It’s hard to believe that one of the most popular comedy shows of the 1950’s was not really a show at all, at least not in the way that we think of a television series today. The show began its life in 1951 as a segment on the popular Cavalcade of Stars. At that time only Jackie Gleason and Art Carney starred in their familiar roles. Alice was played by Pert Kelton. The series took its more recognizable look when it became part of The Jackie Gleason Show in 1955.That’s also when Joyce Randolph joined the series as Trixie Norton. The series would take up a half hour of the slot. The second half was taken up by a larger variety of pieces, usually a series called Stage Show. The show would come and go, with other cast members coming and going over time. Even Art Carney had left The Jackie Gleason Show at one time, only to return in 1957 to the role. The show’s history is a complicated one to which entire books have been devoted over the years. It wasn’t until syndication that the series was really a show unto itself. The original 39 episodes were joined with nearly 70 re-edited versions of the other various incarnations of the show have made up what most of us today think of as The Honeymooners. The final original versions of the show ended in 1971; both Audrey Meadows and Joyce Randolph were gone by then, replaced by Sheila MacRae and Jane Kean respectively.
But this show that wasn’t really a show had legs. The syndicated versions became hugely popular, and new generations of fans were being indoctrinated with each new package. The show even survived on pay television at Showtime for a while in the 1990’s when the 70 newly-formed “Lost Episodes” first aired. But the fever just never died. The show would influence a large number of series that would follow. Even the animated world of cartoons wasn’t safe. The Flintstones would come along and become a prehistoric cartoon show that was basically the same down to the characters. Fred and Barney couldn’t have been closer to Ralph and Norton if their names had been the same. Today, comedians constantly recall The Honeymooners and Jackie Gleason as their inspiration. To more than one generation of television viewers, Gleason really was “The Great One”.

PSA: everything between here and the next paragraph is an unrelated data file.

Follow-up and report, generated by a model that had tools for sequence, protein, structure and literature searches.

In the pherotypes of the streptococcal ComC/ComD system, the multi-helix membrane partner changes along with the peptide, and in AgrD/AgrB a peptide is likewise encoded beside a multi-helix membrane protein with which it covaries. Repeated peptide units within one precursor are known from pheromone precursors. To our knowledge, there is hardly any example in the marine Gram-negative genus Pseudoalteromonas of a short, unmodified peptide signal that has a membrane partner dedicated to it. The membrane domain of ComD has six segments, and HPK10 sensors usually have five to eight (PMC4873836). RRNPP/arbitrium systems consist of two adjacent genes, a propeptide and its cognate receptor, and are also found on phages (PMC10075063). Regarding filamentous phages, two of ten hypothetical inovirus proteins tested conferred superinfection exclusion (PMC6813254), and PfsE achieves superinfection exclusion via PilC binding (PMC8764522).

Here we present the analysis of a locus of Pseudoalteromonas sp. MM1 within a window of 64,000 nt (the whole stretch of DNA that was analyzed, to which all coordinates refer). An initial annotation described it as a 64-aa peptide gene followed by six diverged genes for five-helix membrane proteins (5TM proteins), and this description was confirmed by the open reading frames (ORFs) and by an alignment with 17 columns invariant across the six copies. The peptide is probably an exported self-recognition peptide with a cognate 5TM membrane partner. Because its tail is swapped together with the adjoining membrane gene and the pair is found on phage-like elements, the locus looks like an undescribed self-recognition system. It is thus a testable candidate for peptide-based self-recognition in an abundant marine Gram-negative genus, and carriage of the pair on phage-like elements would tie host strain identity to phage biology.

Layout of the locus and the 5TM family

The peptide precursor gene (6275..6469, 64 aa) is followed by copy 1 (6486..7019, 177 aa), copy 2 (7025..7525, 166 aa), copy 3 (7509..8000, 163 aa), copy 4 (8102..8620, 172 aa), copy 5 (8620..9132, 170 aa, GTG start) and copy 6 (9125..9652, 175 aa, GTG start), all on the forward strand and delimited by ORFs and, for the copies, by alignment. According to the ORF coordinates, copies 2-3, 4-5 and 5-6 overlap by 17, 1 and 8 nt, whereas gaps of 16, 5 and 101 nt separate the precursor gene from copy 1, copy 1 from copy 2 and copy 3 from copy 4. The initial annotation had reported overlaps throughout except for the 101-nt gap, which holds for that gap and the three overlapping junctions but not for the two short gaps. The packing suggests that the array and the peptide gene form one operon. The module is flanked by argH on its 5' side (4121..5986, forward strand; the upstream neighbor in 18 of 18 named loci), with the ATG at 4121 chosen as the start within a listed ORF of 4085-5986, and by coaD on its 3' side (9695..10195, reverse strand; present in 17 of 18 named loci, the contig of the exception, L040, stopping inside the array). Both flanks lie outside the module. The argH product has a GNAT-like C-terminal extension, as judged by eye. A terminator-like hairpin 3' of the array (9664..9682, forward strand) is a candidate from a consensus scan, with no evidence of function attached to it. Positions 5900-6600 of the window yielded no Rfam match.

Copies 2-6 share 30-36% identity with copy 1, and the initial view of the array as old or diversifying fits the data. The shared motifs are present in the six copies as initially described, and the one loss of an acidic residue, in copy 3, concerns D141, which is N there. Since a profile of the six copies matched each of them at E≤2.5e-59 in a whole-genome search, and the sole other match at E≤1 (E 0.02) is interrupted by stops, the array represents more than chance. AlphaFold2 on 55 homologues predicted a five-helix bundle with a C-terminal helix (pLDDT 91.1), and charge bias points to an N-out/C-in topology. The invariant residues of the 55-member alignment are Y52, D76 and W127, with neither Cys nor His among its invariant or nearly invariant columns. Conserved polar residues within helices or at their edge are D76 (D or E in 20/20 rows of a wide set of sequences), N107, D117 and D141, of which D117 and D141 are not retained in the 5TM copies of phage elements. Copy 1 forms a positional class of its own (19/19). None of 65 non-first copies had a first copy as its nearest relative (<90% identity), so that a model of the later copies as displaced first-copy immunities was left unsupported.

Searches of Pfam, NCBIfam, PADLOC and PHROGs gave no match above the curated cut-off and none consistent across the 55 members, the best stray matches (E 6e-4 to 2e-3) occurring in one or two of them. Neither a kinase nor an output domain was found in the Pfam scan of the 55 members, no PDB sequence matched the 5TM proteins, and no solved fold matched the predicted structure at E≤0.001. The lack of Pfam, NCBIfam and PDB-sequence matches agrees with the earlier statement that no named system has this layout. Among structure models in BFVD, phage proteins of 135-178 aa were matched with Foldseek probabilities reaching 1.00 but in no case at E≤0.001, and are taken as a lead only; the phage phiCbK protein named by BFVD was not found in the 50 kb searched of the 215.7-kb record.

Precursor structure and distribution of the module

Between 1976 and 1978 four Honeymooners specials were produced. They were filmed, once again live in front of a studio audience. This time they were made in color and filmed in Miami, Florida. Gleason and Carney returned to the star roles, accompanied by Audrey Meadows and Jane Kean, a mix-up, of sorts, of the last incarnations of the show.
In The Honeymooners A Christmas Carol we find Ralph bragging about taking Alice to Miami for a Christmas vacation. That is until his boss, played by long-time Lucille Ball foil Gale Gordon, approaches Ralph about finding a director for his wife’s charity play. The charity is to give homeless cats in New York City a Merry Christmas. Ralph believes the guy who takes the assignment is going to move up to traffic manager. Of course, he puts himself up for the job and his gladly accepted. Now he has to convince Alice that it’s worth giving up their vacation in Miami. The play is A Christmas Carol by Charles Dickens, and Ralph immediately decides to rewrite the iconic author. He also takes in a few endorsement deals that need to be worked into the production. The end result isn’t anything like the story we all know and love, but somehow it all works out, even with Norton playing both Scrooge and Tiny Tim in a sequence that delivers most of the show’s best laughs.
You get an interview with Jane Kean a a bonus episode of the 1960’s series.
This special aired toward the end of the run of the specials, and the cast is certainly showing their age by now. Still, everything that made The Honeymooners what it was is still there in 1977, nearly 30 years from when it all started in live television. The release isn’t going to win over any new fans to the show or Jackie Gleason. But if you are already a fan of the show, this one will hit you, “Pow! Right in the kisser.”